His interest, however, was short lived and he strolled to the observation aisle along the edge of the landing stage. He stared moodily into the heavens where thousands of aircraft of all descriptions sped hither and yon. A huge liner of the Martian route was dropping from the skies and drifting toward her cradle on Long Island. He looked out over the city to the north: fifty miles of it he knew stretched along the east shore of the Hudson. Greatest of the cities of the world, it housed a fifth of the population of the United States of North America; a third of the wealth.

Cities! The entire world lived in them! Civilization was too highly developed nowadays. Adventure was a thing of the past. Of course there were the other planets, Mars and Venus, but they were as bad. At least he had found them so on his every business trip. He wished he had lived a couple of centuries ago, when the first space-ships ventured forth from the earth. Those were days of excitement and daring enterprise. Then a man could find ways of getting away from things—next to nature—out into the forests; hunting; fishing. But the forests were gone, the streams enslaved by the power monopolies. There were only the cities—and barren plains. Everything in life was made by man, artificial.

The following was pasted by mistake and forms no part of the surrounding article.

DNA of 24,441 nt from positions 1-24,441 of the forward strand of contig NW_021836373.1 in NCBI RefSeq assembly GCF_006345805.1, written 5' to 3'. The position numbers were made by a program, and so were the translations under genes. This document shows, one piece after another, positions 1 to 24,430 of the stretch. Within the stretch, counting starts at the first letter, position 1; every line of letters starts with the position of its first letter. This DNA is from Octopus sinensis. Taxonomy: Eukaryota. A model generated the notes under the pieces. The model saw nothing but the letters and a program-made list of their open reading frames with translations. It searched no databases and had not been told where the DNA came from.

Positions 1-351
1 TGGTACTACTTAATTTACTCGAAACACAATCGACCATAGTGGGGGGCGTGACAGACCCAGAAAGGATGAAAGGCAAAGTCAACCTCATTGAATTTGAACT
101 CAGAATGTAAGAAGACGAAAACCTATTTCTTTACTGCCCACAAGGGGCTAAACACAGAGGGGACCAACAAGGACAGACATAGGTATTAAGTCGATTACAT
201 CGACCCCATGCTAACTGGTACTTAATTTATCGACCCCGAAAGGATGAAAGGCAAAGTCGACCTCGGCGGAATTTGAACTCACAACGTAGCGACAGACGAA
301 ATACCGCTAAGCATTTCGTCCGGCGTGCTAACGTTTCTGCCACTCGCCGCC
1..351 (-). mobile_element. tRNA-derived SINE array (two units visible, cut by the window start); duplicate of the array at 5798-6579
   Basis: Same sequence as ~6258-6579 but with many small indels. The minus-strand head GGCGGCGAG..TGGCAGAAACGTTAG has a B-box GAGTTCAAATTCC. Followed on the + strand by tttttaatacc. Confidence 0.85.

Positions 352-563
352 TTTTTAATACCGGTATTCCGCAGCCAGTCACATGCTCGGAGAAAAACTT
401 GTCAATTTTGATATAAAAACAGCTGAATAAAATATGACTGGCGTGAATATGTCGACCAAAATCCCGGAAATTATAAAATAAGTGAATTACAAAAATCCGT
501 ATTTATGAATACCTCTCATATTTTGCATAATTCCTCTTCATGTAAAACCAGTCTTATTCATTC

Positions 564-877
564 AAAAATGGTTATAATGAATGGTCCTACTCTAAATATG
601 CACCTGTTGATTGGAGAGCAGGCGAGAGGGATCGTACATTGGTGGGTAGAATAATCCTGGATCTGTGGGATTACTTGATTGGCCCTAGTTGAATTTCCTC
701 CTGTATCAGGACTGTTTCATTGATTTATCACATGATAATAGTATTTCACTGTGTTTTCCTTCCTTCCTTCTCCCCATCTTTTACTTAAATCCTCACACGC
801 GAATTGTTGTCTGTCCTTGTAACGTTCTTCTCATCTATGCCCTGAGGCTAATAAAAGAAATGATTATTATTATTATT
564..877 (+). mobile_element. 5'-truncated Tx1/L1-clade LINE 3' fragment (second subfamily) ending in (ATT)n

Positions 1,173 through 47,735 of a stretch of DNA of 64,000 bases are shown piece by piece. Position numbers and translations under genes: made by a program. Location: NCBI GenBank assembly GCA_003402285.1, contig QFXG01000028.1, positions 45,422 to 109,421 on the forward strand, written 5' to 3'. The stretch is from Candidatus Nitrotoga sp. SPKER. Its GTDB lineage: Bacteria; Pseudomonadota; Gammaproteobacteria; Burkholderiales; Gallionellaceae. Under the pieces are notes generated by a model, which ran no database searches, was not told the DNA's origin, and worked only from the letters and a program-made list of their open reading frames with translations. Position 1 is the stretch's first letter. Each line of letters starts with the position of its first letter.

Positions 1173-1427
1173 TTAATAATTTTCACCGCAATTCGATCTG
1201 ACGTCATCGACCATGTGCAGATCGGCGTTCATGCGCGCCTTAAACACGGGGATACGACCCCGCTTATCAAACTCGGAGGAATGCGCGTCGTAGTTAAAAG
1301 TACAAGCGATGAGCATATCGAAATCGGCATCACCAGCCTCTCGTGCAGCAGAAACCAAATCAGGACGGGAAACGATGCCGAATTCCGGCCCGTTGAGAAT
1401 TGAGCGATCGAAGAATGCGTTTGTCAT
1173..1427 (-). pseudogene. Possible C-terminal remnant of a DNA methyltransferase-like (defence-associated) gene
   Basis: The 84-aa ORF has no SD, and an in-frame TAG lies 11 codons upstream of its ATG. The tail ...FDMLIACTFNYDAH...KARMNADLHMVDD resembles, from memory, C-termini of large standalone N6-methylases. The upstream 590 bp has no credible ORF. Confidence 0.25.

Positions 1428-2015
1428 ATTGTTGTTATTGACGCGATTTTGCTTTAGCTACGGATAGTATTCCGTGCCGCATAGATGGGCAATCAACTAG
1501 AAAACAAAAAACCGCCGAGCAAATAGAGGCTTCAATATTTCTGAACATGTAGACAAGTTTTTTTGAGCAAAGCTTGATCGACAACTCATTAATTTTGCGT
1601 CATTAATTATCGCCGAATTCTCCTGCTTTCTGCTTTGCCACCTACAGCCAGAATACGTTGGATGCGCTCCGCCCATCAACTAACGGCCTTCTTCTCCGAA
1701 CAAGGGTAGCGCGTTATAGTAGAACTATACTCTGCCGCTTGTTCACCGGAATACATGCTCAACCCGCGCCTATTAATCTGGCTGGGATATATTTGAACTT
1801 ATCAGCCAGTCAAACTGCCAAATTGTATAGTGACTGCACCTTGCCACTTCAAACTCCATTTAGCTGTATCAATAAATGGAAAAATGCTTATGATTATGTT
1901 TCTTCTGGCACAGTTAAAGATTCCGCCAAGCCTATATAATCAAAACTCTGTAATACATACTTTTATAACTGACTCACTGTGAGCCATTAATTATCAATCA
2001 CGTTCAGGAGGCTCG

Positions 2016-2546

S

omething drew his eyes upward and he spotted an unusual object in the heavens, a mere speck as yet but drawing swiftly in from the upper air lanes. But this ship, small though it appeared, stood out from amongst its fellows for some reason. Carr rubbed his eyes to clear his vision. Was it? Yes—it was—surrounded by a luminous haze. Notwithstanding the brilliance of the afternoon sun, this haze was clearly visible. A silver shimmering that was not like anything he had seen on Earth. The ship swung in toward the city and was losing altitude rapidly. Its silvery aura deserted it and the vessel was revealed as a sleek, tapered cylinder with no wings, rudders or helicopter screws. Like the giant liners of the Interplanetary Service it displayed no visible means of support or propulsion. This was no ordinary vessel.